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Archaeology and Meaning of the Dead Sea Scrolls Examined at B’nai Sholom

Are the Dead Sea Scrolls “the most important archaeological discovery of the 20th century”? A course at B’nai Sholom Reform Congregation in Albany will answer that question and more with an in-depth look at the Dead Sea Scrolls, their meaning and their impact.

“The Archaeology and Meaning of the Dead Sea Scrolls” will be taught over eight Tuesday mornings beginning April 29 from 10 a.m. until 11:30 a.m. at B’nai Sholom, 420 Whitehall Road, Albany, N.Y.

The ancient manuscripts have captured both the attention of scholars and the imagination of the public.  Indeed, there are those who consider them to be the most important archaeological find of both the 20th and 21st centuries.  Translations of the texts that are included in the Scrolls continue to be published more than 60 years after their discovery in the remote caves of Qumran, and there is no end in sight to the nearly annual conferences to discuss them and the articles and books written to explain them.  After all, they represent the oldest Biblical texts known to exist.

In the early years following their discovery, the Scrolls were hailed as a primary source for the development of Christianity.  More recently, however, scholars have learned that only through understanding what the Dead Sea Scrolls teach about the history of Judaism is it possible to learn what they teach about the history of Christianity, since Early Christianity came into being only after these texts were composed and copied.  This eight-session course will address the discovery and publication of the Scrolls; the “Judaisms” or sects of the Second Temple Period; the founding and later development of the Qumran sect; the archaeology of the settlement at Qumran and nearby caves; the character of the Qumran community; women in the Dead Sea Scrolls; the theology and beliefs of the sect; and “messianism” in the Scrolls and its influence on Judaism and Christianity.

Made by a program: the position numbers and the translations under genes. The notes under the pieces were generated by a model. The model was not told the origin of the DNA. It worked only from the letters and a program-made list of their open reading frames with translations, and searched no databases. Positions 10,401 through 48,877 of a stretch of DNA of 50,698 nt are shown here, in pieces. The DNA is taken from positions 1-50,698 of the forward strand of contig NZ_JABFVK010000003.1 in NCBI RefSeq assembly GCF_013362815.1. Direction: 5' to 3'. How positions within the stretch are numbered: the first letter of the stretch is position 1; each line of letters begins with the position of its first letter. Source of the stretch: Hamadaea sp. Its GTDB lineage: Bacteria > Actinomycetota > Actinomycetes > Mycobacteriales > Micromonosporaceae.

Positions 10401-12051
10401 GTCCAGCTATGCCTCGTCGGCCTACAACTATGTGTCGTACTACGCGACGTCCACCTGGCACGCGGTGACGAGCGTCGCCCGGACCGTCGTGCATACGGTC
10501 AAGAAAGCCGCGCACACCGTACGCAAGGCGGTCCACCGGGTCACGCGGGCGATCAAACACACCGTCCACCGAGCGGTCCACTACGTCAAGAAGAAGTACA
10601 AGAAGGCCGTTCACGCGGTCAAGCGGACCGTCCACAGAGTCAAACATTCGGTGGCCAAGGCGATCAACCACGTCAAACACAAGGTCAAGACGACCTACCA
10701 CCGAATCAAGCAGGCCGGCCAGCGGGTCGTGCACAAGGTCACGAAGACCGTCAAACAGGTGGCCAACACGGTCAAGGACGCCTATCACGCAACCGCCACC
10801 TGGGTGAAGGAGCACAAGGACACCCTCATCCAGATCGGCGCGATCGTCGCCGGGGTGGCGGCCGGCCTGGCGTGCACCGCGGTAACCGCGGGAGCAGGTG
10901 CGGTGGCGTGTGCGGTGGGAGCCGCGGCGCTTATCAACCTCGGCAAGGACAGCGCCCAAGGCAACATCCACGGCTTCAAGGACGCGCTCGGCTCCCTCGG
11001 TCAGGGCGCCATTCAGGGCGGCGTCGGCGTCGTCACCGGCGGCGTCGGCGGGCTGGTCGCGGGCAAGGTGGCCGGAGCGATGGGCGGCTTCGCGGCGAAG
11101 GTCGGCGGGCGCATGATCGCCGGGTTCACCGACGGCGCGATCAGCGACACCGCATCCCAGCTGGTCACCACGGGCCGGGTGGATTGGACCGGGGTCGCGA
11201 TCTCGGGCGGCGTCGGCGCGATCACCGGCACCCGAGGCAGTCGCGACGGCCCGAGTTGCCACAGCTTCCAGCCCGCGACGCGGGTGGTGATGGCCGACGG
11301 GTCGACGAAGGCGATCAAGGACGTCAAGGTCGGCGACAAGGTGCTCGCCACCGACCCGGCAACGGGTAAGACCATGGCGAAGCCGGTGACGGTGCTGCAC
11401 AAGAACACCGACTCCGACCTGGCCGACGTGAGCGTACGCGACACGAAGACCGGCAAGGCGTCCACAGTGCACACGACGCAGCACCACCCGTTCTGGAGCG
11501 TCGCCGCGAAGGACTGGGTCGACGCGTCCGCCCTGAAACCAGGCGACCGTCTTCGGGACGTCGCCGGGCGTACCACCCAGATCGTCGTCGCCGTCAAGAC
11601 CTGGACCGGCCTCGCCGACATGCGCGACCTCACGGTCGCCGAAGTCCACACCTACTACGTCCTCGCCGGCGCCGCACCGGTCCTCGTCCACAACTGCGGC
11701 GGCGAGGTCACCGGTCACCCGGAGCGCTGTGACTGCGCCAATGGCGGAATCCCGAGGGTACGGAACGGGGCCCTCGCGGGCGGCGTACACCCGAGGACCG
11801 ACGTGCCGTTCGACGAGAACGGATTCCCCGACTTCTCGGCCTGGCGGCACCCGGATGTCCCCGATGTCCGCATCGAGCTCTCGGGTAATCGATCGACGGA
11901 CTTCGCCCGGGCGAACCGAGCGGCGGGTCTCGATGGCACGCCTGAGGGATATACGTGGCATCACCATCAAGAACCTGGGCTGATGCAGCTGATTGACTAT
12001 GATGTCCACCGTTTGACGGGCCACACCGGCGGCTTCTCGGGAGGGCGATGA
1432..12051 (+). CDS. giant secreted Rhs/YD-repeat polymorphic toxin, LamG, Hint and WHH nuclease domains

Steven Stark-Riemer, the course instructor, has taught about the scientific study of the Biblical world since 2007.  He studied anthropology at City College of New York, where he specialized in archaeology, and received his degree in 1972.  He conducted field work at the Tel Gezer excavations in Israel under the direction of William G. Dever, director of the Hebrew Union College Biblical and Archaeological School at the time.  Stark-Riemer continues to pursue his interest in the archaeology, history and religion of the ancient Near East.

“The Archaeology and Meaning of the Dead Sea Scrolls” is open to the public.  Fee for the eight-session course is $60 ($40 for B’nai Sholom members), and registration is required.

For more information, visit or contact the B’nai Sholom office at 518-482-5283 or e-mail

Founded in 1971, B’nai Sholom Reform Congregation in Albany is a home for contemporary Reform Judaism in the Capital Region.  Nearly 150 diverse households from six counties seek religious, educational and social fulfillment at B’nai Sholom.

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